The significance of nitric oxide production in the brain after injury

Ahmad Khaldi, C. C. Chiueh, M. Ross Bullock, J. J. Woodward

Research output: Contribution to journalArticlepeer-review

33 Scopus citations

Abstract

Glutamate toxicity has been implicated in many aspects of brain injury including traumatic, ischemic, and hemorrhagic damage. We have used in vitro as well as in vivo methods to measure NO production and to examine the role of NO in glutamate toxicity. In building our recombinant system, we used human kidney embryonic cells, HEK 293, as host for transfection of nNOS and NMDA receptor proteins. Cells cotransfected with NMDA and nNOS were more resistant to glutamate toxicity. This resistance correlated with NO production as measured by citrulline assay. Meanwhile, the production of NO did not significantly change the response of the NMDA receptor as seen by calcium studies. Moreover, in vivo, NO production was directly correlated with brain tissue oxygen tension in subarachnoid hemorrhage patients. These data and others point toward the importance of NO production in the response of brain to injury.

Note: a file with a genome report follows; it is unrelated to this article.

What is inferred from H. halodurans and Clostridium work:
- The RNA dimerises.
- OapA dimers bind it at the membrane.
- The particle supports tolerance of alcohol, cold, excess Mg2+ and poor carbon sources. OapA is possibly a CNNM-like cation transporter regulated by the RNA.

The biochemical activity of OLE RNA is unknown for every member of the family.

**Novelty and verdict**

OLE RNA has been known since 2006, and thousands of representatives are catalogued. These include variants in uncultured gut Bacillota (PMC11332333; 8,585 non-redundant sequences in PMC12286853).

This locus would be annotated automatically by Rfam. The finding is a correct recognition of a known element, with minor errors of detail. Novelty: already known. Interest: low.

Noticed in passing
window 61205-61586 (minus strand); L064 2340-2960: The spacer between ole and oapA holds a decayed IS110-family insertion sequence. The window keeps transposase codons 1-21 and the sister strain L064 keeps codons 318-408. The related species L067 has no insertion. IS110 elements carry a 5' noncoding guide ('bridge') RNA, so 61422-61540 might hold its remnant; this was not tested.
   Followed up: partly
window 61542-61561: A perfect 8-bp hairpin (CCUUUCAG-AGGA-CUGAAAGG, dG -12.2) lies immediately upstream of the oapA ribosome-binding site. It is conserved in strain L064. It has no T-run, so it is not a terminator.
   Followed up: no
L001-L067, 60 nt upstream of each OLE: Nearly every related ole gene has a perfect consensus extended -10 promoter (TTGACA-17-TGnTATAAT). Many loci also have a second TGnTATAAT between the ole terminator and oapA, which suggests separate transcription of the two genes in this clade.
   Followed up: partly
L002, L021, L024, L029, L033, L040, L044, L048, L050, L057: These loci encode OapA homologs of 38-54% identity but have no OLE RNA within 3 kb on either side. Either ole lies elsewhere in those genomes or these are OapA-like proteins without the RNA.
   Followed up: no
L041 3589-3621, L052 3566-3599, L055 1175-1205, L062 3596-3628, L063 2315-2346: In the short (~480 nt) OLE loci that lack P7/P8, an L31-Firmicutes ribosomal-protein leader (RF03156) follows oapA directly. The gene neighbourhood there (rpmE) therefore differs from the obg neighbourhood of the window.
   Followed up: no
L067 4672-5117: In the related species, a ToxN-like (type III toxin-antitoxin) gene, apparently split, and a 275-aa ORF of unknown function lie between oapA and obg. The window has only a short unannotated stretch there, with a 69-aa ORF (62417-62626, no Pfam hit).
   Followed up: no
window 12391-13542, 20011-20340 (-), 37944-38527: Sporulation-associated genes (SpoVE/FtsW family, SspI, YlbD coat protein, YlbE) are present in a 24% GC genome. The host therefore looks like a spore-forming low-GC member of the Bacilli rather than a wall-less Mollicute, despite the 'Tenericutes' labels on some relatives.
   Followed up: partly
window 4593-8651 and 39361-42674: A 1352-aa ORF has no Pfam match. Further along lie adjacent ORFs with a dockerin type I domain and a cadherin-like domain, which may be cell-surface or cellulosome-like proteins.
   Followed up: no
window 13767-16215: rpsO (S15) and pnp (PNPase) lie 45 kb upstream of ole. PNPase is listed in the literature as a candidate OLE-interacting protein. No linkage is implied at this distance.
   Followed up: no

Original languageEnglish (US)
Pages (from-to)53-59
Number of pages7
JournalAnnals of the New York Academy of Sciences
Volume962
DOIs
StatePublished - 2002

Keywords

  • Brain injury
  • Nitric oxide production
  • NMDA receptor

ASJC Scopus subject areas

  • Biochemistry, Genetics and Molecular Biology(all)

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